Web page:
1 Though I speak with the tongues of men and of angels, and have not charity, I am become as sounding brass, or a tinkling cymbal.
2 And though I have the gift of prophecy, and understand all mysteries, and all knowledge; and though I have all faith, so that I could remove mountains, and have not charity, I am nothing.
3 And though I bestow all my goods to feed the poor, and though I give my body to be burned, and have not charity, it profiteth me nothing. 1 Cor. 13:1-3
I once saw a ‘great’ man of God speaking to a large audience on TV, and I heard him say, “If there is someone I may have hurt in one way or another in my life, I want to ask you to forgive me. Please forgive me.”
He did not shed any tears, but he did not need to. You could feel the sincerity in his voice. In other words, that man looked deep into his heart and realized there were people he might have hurt in his life; and somehow, in that instant, that fact became the single most important thing in his life; and he repented of it. That was rare indeed for me to see; but I believe that was a demonstration of God’s love!
It is not easy to speak Paul’s words today. In our day, we seem to have all of a sudden discovered the scripture that says to touch not the Lord’s anointed, and we are applying it to every Tom, Harry and Dick. We apply it to everyone who can open their mouths and say, “Thus says the Lord!” Or to anyone who can ‘prove’ that they are endowed with a ministry. And the bigger the ministry the man or woman appears to have, the greater our respect for them.
It is good to respect true men of God. But, apparently, the Apostle Paul wasn’t about to board the bandwagon of ‘total praise’. On the contrary, he came down hard on anyone who took ministry as the end result of our calling. He told the Corinthians that when it came to the Kingdom of God, love matters above ministry.
I remember one time, many years ago, some men came to our church and they taught us that a believer who has been baptized with the Holy Spirit should be changing their spiritual language every week or so. In other words, that you should be inter-changing tongues ever so regularly. At that time we were swallowing everything.
The men were about four or five in number and they spent the entire week giving us exercises in these spiritual callisthenics. They would say, “Ok, now begin!”; and if you began saying “Rabarabaraba” or something, they would say, “Now say, ‘Hai hai hai!’”
Had they stayed with us for a year, I am sure we would have learned Japanese! The minute they left, though, I reverted to my old tongues and they haven’t changed to this day.
I am not saying there is anything wrong with changing tongues once every week, but the Apostle Paul here tells us that even speaking in tongues of angels is an exercise in futility if we are not walking in love. So it is with all other ministry, however high up the ladder it might be.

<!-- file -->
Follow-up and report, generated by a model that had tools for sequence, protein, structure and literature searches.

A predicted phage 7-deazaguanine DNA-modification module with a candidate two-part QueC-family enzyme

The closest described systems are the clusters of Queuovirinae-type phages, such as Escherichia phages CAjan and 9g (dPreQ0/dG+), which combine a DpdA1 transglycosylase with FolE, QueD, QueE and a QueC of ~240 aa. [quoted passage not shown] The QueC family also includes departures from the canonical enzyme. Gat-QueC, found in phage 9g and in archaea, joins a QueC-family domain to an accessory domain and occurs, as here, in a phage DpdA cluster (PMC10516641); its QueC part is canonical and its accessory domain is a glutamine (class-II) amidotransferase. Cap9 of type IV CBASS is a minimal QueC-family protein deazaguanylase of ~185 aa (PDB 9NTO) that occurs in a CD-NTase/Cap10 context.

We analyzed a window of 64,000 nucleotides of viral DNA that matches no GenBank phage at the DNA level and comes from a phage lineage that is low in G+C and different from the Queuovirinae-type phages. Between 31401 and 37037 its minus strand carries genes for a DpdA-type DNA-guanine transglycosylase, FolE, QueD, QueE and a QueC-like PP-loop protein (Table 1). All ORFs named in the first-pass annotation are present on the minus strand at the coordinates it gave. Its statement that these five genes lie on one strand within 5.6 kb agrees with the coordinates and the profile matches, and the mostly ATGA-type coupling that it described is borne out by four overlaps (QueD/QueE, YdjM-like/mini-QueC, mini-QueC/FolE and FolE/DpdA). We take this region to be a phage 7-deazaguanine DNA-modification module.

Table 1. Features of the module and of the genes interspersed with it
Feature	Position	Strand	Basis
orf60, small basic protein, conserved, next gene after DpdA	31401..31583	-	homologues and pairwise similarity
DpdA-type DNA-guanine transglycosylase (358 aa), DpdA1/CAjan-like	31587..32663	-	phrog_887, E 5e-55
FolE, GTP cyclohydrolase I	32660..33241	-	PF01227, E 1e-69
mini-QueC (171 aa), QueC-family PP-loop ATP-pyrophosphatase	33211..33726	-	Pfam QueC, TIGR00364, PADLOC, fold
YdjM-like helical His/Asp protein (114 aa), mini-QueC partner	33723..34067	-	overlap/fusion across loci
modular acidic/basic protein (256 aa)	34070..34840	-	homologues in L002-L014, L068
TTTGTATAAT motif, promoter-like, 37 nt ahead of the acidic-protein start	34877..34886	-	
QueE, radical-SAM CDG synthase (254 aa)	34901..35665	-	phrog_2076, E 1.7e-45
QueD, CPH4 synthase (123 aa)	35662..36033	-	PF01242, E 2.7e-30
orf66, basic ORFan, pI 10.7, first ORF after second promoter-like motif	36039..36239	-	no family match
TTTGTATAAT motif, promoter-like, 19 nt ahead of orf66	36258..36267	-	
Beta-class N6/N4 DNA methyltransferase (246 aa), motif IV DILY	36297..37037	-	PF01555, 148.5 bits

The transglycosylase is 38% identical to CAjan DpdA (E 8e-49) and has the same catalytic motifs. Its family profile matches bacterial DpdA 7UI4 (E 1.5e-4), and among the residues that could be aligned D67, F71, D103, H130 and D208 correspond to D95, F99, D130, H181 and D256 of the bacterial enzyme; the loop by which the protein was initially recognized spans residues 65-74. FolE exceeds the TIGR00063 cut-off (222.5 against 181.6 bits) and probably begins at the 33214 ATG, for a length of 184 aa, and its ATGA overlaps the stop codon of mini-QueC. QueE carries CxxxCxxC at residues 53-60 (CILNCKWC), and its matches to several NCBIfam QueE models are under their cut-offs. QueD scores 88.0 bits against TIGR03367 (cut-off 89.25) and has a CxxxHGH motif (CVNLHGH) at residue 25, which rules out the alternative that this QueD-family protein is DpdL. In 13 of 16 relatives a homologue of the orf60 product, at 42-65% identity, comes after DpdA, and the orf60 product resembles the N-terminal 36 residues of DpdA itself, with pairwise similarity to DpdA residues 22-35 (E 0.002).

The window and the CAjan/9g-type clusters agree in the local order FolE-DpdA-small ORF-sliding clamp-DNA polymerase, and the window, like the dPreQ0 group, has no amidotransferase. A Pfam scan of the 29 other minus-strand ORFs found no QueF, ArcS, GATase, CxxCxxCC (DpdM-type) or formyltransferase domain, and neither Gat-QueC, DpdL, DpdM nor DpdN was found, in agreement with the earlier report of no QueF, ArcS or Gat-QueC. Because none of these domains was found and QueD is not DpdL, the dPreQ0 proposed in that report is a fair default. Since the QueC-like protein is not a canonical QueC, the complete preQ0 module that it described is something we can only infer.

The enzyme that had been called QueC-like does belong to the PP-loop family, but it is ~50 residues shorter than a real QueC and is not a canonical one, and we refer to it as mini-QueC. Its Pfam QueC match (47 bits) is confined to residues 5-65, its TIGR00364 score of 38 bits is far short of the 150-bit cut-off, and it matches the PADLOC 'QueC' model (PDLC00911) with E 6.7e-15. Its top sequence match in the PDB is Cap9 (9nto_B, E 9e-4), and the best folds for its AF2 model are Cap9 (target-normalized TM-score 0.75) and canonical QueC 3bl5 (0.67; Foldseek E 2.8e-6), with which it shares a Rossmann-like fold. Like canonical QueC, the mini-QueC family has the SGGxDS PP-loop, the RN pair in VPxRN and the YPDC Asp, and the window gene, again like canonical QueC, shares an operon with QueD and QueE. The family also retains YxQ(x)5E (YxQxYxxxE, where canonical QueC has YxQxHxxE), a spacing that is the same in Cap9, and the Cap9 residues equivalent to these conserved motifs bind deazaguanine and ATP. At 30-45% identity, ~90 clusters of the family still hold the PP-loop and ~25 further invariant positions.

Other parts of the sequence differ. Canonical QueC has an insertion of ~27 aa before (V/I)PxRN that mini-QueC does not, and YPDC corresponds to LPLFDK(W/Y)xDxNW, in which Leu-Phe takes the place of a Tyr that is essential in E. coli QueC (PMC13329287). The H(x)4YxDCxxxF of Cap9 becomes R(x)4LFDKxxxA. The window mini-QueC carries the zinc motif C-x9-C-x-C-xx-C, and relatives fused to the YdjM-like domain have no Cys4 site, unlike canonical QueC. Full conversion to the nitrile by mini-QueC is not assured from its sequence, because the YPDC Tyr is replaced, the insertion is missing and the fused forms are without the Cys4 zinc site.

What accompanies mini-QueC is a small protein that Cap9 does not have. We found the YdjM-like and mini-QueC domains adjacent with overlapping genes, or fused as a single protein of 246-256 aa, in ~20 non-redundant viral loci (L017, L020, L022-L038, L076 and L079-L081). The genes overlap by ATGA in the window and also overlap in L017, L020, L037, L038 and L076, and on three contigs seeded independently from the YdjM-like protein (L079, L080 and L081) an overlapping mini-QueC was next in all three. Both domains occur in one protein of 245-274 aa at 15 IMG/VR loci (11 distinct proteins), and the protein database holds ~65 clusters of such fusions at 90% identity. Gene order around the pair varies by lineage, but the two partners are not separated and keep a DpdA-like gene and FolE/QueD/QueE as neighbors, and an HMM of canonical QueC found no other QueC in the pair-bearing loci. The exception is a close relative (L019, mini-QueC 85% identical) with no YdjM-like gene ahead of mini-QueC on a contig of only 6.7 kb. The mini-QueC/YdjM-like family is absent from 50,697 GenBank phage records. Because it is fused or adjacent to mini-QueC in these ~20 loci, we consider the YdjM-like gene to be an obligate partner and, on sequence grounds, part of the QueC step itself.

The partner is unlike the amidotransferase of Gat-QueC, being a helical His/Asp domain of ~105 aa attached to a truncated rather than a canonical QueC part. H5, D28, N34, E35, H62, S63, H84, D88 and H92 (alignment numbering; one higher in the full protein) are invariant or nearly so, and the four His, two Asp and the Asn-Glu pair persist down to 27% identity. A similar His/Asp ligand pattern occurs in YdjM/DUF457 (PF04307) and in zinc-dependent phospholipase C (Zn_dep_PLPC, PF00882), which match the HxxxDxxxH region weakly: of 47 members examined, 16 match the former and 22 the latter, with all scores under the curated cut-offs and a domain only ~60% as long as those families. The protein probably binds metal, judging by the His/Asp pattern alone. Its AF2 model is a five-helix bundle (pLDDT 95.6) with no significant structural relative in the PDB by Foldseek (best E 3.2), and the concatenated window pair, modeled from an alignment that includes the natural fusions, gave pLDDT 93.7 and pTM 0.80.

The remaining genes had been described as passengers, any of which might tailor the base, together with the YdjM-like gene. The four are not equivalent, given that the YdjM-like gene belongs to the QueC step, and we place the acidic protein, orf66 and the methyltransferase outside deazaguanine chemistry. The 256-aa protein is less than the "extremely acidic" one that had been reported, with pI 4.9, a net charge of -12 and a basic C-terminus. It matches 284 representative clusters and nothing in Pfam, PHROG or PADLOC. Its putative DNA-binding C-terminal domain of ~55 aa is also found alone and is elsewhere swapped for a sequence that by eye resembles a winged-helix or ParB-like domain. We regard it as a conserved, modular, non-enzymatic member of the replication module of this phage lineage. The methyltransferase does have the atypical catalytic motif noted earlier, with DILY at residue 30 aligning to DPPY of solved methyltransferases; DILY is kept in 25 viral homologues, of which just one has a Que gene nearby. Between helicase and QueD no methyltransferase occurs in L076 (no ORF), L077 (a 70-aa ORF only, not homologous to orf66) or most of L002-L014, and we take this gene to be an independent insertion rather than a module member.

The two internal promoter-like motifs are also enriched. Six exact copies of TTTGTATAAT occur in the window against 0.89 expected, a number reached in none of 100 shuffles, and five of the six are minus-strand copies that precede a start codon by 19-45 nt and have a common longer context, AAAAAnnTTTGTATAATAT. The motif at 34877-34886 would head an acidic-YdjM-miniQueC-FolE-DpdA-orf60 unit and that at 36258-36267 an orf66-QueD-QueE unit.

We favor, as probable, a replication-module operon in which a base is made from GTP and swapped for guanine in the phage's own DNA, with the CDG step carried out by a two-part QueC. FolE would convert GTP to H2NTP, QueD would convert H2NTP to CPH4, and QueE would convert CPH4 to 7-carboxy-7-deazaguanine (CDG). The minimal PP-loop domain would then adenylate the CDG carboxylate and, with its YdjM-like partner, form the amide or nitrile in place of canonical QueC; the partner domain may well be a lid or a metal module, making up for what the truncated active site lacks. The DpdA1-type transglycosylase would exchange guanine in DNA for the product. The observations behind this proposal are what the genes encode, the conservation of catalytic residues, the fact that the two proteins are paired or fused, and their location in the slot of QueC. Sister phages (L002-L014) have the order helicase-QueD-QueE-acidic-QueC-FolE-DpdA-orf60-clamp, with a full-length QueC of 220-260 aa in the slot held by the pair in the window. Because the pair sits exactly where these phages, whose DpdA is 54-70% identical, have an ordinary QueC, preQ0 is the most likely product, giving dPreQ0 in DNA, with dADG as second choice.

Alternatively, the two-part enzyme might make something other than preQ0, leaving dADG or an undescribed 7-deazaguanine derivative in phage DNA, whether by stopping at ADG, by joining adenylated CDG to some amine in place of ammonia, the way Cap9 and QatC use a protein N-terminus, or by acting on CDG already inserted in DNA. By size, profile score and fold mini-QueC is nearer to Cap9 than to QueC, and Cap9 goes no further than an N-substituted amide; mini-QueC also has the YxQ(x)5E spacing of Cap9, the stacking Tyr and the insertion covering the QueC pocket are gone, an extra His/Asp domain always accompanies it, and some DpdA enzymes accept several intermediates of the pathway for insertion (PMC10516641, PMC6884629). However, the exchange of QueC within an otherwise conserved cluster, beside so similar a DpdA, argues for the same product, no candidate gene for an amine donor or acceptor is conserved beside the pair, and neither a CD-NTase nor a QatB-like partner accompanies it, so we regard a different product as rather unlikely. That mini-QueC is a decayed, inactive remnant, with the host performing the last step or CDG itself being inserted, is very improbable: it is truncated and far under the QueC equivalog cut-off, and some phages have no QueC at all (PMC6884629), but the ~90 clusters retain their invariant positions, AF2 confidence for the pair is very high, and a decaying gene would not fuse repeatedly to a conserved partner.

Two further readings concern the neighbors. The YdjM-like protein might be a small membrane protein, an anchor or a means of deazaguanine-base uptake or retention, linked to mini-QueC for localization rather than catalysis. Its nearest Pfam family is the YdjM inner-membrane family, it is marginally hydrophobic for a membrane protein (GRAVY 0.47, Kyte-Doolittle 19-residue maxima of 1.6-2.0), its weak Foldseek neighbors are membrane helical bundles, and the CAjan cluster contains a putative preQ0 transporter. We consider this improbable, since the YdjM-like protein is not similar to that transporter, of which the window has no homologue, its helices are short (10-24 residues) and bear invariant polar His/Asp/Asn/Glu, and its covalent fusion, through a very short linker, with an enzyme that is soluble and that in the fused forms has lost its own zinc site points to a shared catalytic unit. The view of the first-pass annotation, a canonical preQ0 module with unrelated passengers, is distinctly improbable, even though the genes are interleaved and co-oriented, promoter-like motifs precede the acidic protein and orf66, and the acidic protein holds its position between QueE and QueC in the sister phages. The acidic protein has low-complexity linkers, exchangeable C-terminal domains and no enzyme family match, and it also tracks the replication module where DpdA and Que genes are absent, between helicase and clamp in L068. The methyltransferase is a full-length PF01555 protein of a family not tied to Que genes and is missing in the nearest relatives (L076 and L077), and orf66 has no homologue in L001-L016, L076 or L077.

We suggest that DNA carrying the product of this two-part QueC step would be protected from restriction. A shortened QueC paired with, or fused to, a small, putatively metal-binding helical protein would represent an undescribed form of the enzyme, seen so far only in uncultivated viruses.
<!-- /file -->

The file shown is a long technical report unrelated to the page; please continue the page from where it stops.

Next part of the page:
The Apostle Paul tells us to earnestly covet the highest gifts of the Holy Spirit. In other words, it is right and needful to covet such gifts – but not so we become “great men/women of God”. On the contrary, it is in order that we may edify God’s people. In other words, ministry is a way of dying to self, a way of giving away our life for the church. That’s when ministry becomes love.
With all the pressure and emphasis on ministry today, Paul’s statement is a pretty powerful cul-de sac in the Spirit. It sets the foundation to any work that any man would do in the name of God, and it says that that foundation is love. If we do not have love in our hearts, if we are not walking in love towards people, all that we accomplish is of very little benefit to us and even to those we minister to. People need to feel a heart, not dry ministry. Compassion, not ‘ministry’, was what drove Jesus to do all the miracles that He did.
As much as ministry is needful in the church, the Apostle Paul – who was the greatest minister of them all – here says, “… and yet shew I unto you a more excellent way.” In other words, if we are to minister effectively, then the way of love is the “more excellent way”.
[Below: It is reported that the legendary American blues singer, B.B. King married twice, but both marriages snapped under the weight of his ‘ministry’*. But, apparently, King had a soft niche in his heart; in November 1972, he and other artists held a Thanksgiving performance for the prisoners at “Sing Sing” prison in New York. The performance was understood to be a risky undertaking, but King went all the same; and this is a part of that performance]